This press release from Minnesota Sea Grant deserves more circulation. You see these balls of stuff on the Park Point beach fairly often. If they were named "debris balls" instead of "whale burps" they wouldn't be nearly as cool. They can join the "mermaids' tears" (beach glass" in the category of Cool Things from Mythical Creatures.
Winter winds whipping around Duluth and Lake Superior can produce more than snowdrifts. They can also produce "whale burps." Also known as surf balls, these oval or round bundles of fibrous material periodically show up on coastlines throughout the world.
Curious beachcomber Glenn Maxham of Duluth brought two of these unusual balls into the Minnesota Sea Grant office for identification after his son found them near the city's Lakewalk following a New Year's Eve storm. Grasses, twigs, and partially degraded polymer mesh were evidently tumbling together in the shallows of Lake Superior to form Maxham's plum-sized "whale burps."
Oregon Sea Grant writes that although no formal research has been done on these aquatic oddities, theory suggests that as lost monofilament (or in this case, strands of black plastic) rolls about in nearshore waves, it gradually collects seaweed, pine needles, dune grass, small feathers, shell fragments, and other debris, forming a tight bristly ball. Scientists have found surf balls made of fine vegetative strands on Egyptian beaches and surf balls twice the size of a large orange on Australian shores.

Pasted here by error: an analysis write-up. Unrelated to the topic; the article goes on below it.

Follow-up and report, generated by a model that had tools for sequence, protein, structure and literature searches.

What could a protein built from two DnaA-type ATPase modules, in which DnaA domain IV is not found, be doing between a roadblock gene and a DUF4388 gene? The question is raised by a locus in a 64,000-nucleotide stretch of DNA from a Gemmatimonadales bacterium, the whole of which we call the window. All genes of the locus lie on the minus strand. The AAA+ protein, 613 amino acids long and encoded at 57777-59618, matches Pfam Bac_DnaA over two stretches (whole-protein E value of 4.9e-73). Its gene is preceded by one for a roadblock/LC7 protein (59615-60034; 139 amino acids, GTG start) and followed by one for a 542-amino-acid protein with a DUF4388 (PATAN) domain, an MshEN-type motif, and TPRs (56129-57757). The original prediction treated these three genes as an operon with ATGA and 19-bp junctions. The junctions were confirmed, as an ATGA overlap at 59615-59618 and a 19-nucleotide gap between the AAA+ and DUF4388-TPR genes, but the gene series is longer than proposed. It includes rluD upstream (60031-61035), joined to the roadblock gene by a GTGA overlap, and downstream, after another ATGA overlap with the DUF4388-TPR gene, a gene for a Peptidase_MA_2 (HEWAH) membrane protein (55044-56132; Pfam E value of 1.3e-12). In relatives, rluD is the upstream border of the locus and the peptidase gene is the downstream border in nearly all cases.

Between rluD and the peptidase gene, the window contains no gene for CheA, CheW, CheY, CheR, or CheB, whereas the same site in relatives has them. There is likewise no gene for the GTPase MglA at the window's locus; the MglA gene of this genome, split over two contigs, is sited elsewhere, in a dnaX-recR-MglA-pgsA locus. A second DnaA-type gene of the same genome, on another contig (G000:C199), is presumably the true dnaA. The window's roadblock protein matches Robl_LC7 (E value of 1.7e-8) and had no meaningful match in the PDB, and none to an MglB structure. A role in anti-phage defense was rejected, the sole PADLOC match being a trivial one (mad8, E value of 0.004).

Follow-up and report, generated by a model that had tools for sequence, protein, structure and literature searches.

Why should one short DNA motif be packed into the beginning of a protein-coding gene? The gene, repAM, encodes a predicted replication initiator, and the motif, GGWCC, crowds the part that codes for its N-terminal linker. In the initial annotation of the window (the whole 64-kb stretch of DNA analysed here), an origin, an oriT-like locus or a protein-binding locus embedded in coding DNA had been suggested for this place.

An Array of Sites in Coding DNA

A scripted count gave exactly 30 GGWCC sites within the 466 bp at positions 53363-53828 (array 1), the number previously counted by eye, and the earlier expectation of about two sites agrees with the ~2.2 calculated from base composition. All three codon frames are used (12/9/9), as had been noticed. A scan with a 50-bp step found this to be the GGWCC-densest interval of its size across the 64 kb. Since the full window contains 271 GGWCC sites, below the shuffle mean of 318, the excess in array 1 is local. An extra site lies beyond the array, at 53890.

Despite the curio-cabinet intrigue of finding a surf ball, discarded and lost plastics damage aquatic environments and the creatures that live therein. In a 2008 article in Environmental Research, Charles Moore of the Algalita Marine Research Foundation reported over 260 marine species ingest or have been entangled in plastic debris. When these plastics break down, research has shown they can release the suspected carcinogen styrene monomer and bisphenol A (BPA), which has been proven to interfere with reproduction. In 2006 the United Nations Environment Program estimated that 46,000 pieces of plastic float in every square mile of ocean and, as the National Oceanic and Atmospheric Administration predicted, much of this plastic swirls in the North Pacific Subtropical Gyre.
Sarah Erickson of the Great Lakes Aquarium reports that Minnesota volunteers picked thousands of plastic items from the Lake Superior watershed during the 2010 Beach Sweep. "About 33 percent of the items collected were plastics," said Erickson. "This does not include cigarette butts, which made up about 50 percent of all the material collected.
You don't have to wait for the 2011 Beach Sweep to find shoreline trash and treasures. Take advantage of the next wild, blustery day. Bundle up, grab a trash bag and as you are cleaning up shoreline litter, look for your own whale burp.